He's claiming it's a "stain on our country's honor"... I think not. The stain on your country's honor, Bush dear, was the one on the infamous blue dress that made headlines while Clinton was in the White House... this isn't a 'stain' this is a catastrophe. Your credibility was gone the moment you stepped into Iraq and couldn't find the WMD... your reputation never existed.

So are the atrocities being committed in Abu Ghraib really not characteristic of the American army? What about the atrocities committed by Americans in Guantanamo? And Afghanistan? I won't bother bringing up the sordid past, let's just focus on the present. It seems that torture and humiliation are common techniques used in countries blessed with the American presence. The most pathetic excuse I heard so far was that the American troops weren't taught the fundamentals of human rights mentioned in the Geneva Convention… Right- morals, values and compassion have to be taught.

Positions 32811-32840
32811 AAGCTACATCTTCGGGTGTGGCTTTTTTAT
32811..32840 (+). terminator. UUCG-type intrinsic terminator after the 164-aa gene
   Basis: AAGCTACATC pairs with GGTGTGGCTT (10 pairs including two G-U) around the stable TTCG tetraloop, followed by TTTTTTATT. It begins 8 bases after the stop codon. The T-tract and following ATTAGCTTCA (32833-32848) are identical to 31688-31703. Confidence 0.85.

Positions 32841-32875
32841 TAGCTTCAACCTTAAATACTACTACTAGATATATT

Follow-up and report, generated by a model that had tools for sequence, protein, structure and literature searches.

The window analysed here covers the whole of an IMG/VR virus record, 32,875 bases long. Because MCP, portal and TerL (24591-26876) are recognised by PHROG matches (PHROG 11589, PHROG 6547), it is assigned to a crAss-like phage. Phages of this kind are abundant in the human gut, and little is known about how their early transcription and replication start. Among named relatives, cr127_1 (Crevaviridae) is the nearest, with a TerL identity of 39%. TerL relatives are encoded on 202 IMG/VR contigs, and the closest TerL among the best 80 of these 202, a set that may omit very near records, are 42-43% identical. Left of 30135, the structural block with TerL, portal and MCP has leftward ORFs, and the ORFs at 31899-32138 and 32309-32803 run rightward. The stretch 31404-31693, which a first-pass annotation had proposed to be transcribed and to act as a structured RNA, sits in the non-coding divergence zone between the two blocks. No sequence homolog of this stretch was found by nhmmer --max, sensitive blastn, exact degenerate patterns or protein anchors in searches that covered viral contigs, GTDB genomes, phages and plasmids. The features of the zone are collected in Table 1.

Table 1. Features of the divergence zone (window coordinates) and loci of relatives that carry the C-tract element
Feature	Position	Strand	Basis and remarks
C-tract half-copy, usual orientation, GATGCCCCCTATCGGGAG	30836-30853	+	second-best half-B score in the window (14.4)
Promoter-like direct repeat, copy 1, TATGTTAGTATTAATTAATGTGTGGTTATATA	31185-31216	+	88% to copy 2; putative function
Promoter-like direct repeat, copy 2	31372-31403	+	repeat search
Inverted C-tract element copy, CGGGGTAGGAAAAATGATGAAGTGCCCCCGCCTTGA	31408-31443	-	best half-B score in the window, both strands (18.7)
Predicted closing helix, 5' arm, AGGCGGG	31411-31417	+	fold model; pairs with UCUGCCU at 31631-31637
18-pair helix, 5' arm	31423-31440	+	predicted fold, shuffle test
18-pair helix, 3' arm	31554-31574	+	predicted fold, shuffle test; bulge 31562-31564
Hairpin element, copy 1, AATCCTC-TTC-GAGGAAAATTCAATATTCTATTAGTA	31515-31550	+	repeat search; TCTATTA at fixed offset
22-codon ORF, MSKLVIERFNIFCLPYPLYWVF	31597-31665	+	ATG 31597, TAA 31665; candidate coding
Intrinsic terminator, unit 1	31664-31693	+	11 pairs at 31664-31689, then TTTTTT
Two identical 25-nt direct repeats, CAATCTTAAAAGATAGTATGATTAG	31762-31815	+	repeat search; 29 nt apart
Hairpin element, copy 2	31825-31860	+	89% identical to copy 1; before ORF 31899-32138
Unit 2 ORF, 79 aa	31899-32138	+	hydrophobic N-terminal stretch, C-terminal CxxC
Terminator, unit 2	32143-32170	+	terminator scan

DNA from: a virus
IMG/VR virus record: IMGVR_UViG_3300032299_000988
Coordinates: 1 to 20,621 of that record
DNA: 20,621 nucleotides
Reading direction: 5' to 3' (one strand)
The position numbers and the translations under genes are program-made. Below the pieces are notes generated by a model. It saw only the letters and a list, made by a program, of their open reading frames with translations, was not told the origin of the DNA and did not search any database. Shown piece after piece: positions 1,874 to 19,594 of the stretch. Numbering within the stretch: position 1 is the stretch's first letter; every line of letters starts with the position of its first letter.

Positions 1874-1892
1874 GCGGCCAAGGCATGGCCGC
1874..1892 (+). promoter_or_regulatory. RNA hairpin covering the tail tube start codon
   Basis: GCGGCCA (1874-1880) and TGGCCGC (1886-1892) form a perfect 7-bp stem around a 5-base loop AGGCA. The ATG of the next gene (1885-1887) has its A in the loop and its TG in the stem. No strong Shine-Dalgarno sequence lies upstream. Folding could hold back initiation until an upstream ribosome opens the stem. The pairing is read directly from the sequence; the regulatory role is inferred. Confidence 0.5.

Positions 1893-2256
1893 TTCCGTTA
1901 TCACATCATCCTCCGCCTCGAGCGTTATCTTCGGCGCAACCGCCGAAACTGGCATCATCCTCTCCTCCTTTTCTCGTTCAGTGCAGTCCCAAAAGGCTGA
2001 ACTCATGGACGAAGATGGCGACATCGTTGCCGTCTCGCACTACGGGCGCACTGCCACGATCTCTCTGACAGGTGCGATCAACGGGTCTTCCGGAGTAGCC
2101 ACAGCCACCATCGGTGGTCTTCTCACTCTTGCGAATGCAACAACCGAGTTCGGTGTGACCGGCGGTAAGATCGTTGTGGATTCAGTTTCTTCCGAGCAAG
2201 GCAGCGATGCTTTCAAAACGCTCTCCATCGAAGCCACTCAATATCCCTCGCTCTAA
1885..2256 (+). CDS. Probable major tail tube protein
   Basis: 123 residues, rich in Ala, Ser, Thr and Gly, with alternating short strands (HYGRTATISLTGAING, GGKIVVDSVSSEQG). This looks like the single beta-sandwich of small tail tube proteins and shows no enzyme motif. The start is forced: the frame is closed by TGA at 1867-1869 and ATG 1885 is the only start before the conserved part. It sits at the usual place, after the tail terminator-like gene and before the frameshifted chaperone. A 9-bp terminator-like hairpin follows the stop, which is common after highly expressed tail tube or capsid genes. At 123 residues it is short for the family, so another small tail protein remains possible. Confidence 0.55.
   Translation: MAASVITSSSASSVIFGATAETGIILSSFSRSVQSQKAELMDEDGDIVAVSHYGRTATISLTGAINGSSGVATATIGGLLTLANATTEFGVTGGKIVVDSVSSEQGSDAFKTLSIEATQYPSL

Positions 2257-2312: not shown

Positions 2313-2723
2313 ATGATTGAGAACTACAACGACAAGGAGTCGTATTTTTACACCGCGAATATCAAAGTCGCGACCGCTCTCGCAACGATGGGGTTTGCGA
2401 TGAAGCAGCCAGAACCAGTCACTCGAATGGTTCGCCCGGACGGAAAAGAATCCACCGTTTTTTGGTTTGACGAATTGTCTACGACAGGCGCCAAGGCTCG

All I can think about is the universal outrage when the former government showed pictures of American POWs on television, looking frightened and unsure about their fate. I remember the outcries from American citizens, claiming that Iraqis were animals for showing 'America's finest' fully clothed and unharmed. So what does this make Americans now?

We heard about it all… we heard stories since the very beginning of the occupation about prisoners being made to sit for several hours on their knees… being deprived of sleep for days at a time by being splashed with cold water or kicked or slapped… about the infamous 'red rooms' where prisoners are kept for prolonged periods of time… about the rape, the degradations, the emotional and physical torture… and there were moments when I actually wanted to believe that what we heard was exaggerated. I realize now that it was only a small fragment of the truth. There is nothing that is going to make this 'better'. Nothing.